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The AfterShokz Air bone conduction headphones lay on a cloth surface next to a bamboo stick.
Lily Katz / SoundGuys

AfterShokz Air review

This pair of bone conduction headphones is durable, lightweight, and comfortable, but it's showing its age.

Published onAugust 17, 2022

AfterShokz Air
The bottom line
Upon its debut, the AfterShokz Air was a coveted bone conduction headset with a uniquely sturdy build. Today, Shokz' (formerly AfterShokz) offerings are more enticing than the Air. If you can find it on promotion, the Air is a fine deal, but there are better options from the same company that cost less.

AfterShokz Air

Upon its debut, the AfterShokz Air was a coveted bone conduction headset with a uniquely sturdy build. Today, Shokz' (formerly AfterShokz) offerings are more enticing than the Air. If you can find it on promotion, the Air is a fine deal, but there are better options from the same company that cost less.
Product release date
September 18, 2017
$99 USD
12.7 x 7.9 x 2.8 cm
Model Number
What we like
Dust and water resistance
Leaves ears unoccluded, good for safety
Voice assistant access
Comfortable, secure fit
What we don't like
Quiet output
Bluetooth 4.2
Relatively short battery life
SoundGuys Rating
Rating Metric
Our Rating
User Rating
Durability / Build Quality
Battery Life

When you live in a busy area, you know how important it is to remain keyed into your surroundings. While earbuds and headphones are great accessories for underscoring your daily activities, they isolate you from the outside world. Bone conduction headphones give you the best of both worlds and let you hear your music and your environment. We spent two weeks with the AfterShokz Air, a once premium pair of bone conduction headphones, to see if this hard-to-find headset is up to scratch.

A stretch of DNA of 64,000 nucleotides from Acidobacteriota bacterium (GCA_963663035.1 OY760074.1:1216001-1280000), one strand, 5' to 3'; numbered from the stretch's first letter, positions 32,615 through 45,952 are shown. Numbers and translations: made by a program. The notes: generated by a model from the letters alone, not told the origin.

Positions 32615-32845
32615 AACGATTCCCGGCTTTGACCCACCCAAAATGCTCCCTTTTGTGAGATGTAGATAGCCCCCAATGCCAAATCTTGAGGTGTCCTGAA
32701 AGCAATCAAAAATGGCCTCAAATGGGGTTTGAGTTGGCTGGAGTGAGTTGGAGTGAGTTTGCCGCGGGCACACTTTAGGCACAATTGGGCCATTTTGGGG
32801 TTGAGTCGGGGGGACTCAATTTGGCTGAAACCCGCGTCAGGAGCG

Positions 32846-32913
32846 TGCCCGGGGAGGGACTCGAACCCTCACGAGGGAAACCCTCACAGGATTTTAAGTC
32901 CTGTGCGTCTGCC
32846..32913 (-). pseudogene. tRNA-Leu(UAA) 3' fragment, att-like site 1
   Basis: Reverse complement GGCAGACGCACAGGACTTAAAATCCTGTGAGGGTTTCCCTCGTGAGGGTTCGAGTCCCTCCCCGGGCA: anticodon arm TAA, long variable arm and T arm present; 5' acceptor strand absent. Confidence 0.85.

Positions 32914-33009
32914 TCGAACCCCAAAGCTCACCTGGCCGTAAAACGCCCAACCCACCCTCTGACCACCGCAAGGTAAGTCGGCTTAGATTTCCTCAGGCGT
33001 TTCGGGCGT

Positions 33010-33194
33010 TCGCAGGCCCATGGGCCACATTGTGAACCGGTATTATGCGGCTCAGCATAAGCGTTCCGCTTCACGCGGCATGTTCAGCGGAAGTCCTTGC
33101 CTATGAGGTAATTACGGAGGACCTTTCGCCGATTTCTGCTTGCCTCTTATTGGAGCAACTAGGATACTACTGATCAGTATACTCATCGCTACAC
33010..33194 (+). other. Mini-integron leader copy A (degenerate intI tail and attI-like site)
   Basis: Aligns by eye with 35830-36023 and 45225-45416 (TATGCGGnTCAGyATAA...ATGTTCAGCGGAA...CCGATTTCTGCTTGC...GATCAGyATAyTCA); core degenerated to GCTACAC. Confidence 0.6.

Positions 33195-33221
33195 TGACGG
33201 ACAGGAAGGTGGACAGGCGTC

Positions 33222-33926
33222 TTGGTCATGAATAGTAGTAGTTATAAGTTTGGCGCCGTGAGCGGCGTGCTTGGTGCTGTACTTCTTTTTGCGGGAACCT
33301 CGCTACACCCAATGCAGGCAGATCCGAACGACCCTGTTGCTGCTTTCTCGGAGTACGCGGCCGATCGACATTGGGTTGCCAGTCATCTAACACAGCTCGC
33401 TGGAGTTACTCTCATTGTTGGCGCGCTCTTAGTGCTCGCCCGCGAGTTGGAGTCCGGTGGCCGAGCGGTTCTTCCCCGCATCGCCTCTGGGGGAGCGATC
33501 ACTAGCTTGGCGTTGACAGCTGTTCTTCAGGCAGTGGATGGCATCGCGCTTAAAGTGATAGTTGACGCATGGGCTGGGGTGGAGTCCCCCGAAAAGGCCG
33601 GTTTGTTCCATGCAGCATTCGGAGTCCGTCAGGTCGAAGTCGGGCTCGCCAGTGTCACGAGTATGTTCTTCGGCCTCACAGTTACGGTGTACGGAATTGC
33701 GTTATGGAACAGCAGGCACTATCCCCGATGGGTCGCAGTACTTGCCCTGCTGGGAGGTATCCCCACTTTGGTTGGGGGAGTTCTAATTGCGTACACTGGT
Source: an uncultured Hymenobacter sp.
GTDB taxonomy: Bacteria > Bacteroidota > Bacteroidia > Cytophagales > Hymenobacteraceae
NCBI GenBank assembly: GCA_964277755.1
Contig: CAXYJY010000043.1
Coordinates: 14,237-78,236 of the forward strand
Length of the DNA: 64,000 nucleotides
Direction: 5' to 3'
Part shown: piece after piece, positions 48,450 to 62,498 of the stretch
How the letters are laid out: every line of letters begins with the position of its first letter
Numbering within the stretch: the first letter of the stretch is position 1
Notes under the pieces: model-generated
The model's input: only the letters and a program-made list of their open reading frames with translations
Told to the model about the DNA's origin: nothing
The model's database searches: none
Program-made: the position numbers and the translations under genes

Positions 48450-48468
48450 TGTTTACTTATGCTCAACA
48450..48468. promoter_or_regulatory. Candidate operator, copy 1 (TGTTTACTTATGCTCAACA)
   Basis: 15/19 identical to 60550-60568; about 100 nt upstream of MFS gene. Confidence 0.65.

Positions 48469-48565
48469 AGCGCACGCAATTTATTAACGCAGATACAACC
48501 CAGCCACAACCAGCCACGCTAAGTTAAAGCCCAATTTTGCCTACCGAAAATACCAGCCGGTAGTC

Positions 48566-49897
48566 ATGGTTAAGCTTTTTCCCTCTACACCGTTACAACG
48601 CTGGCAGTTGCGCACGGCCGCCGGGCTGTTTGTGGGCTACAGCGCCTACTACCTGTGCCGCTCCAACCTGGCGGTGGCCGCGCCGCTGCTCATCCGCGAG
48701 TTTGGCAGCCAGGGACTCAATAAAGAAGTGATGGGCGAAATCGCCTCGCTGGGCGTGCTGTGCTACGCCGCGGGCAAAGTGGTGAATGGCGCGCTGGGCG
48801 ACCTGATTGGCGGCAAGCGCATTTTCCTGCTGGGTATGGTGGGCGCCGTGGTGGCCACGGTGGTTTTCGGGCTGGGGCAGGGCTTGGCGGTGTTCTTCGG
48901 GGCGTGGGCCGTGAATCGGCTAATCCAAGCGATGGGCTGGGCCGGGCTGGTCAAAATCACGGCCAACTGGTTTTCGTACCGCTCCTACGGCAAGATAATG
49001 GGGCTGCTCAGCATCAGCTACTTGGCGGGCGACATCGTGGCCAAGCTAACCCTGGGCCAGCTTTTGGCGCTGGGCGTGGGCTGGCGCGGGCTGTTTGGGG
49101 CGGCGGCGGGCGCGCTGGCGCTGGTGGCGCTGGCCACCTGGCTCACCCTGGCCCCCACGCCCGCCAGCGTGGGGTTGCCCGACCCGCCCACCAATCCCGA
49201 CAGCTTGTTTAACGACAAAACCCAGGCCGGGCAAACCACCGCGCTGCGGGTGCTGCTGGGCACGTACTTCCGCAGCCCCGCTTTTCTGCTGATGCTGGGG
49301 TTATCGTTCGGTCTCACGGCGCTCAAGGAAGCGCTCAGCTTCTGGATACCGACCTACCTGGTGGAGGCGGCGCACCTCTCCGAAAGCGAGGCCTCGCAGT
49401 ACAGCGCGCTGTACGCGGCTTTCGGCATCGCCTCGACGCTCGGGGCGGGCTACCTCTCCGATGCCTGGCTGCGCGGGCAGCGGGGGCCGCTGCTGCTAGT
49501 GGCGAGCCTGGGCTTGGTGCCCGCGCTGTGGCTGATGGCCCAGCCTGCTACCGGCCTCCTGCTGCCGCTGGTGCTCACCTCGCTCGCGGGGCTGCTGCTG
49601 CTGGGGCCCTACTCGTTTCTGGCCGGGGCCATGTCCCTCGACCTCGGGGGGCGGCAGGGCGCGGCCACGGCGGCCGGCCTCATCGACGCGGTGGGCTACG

Editor’s note: this AfterShokz Air review was published in August 2022, and is the first version of the article. Updates will follow as the market changes.

Like other bone conduction headsets, the Air is for people who want to hear what’s happening around them and hear their music. With an IP55 rating, you can use the Air for workouts, and not worry if it rains during your run. Surprisingly, this old dog has modern tricks like multipoint connectivity, allowing you to connect the headset to two sources at once.

What’s it like to use AfterShokz Air?

The Air from AfterShokz is unlike a traditional earbud or headphone experience, because bone conduction headsets sit directly on your cheekbones rather than in your ear canals. The earpiece-like buds stay in place due to the Air’s gentle ear hook design, which we see in the AfterShokz Aeropex. It’s comfortable for hours at a time thanks to the flexible, well-sized band that fits all head sizes.

A person wears the AfterShokz Air bone conduction headphones with their head turned away from the camera.
Lily Katz / SoundGuys
The flexible headband puts enough pressure against your jawbones to keep everything stable.

Bone conduction headphones are highly sensitive to placement and movement. A universal drawback to this type of headset is that if you chew or drink, the sound quality will degrade during that motion. My podcast sounds fine when I walk around, but the minute I bite on a snack, the sound loses its clarity.

A rubberized coating makes the AfterShokz Air easy to grip, and it comes in four colors (Canyon Red, Midnight Blue, Forest Green, and Slate Gray). You can bend the band any which way—don’t worry, the titanium frame is light, strong, and flexible. Combine the frame with the IP55 dust and water resistance, and you have yourself a headset that’s built to endure your next workout. As long as you avoid bench presses and are careful to place your bike helmet properly so as not to move the band, you’ll find the Air is a reliable exercise buddy.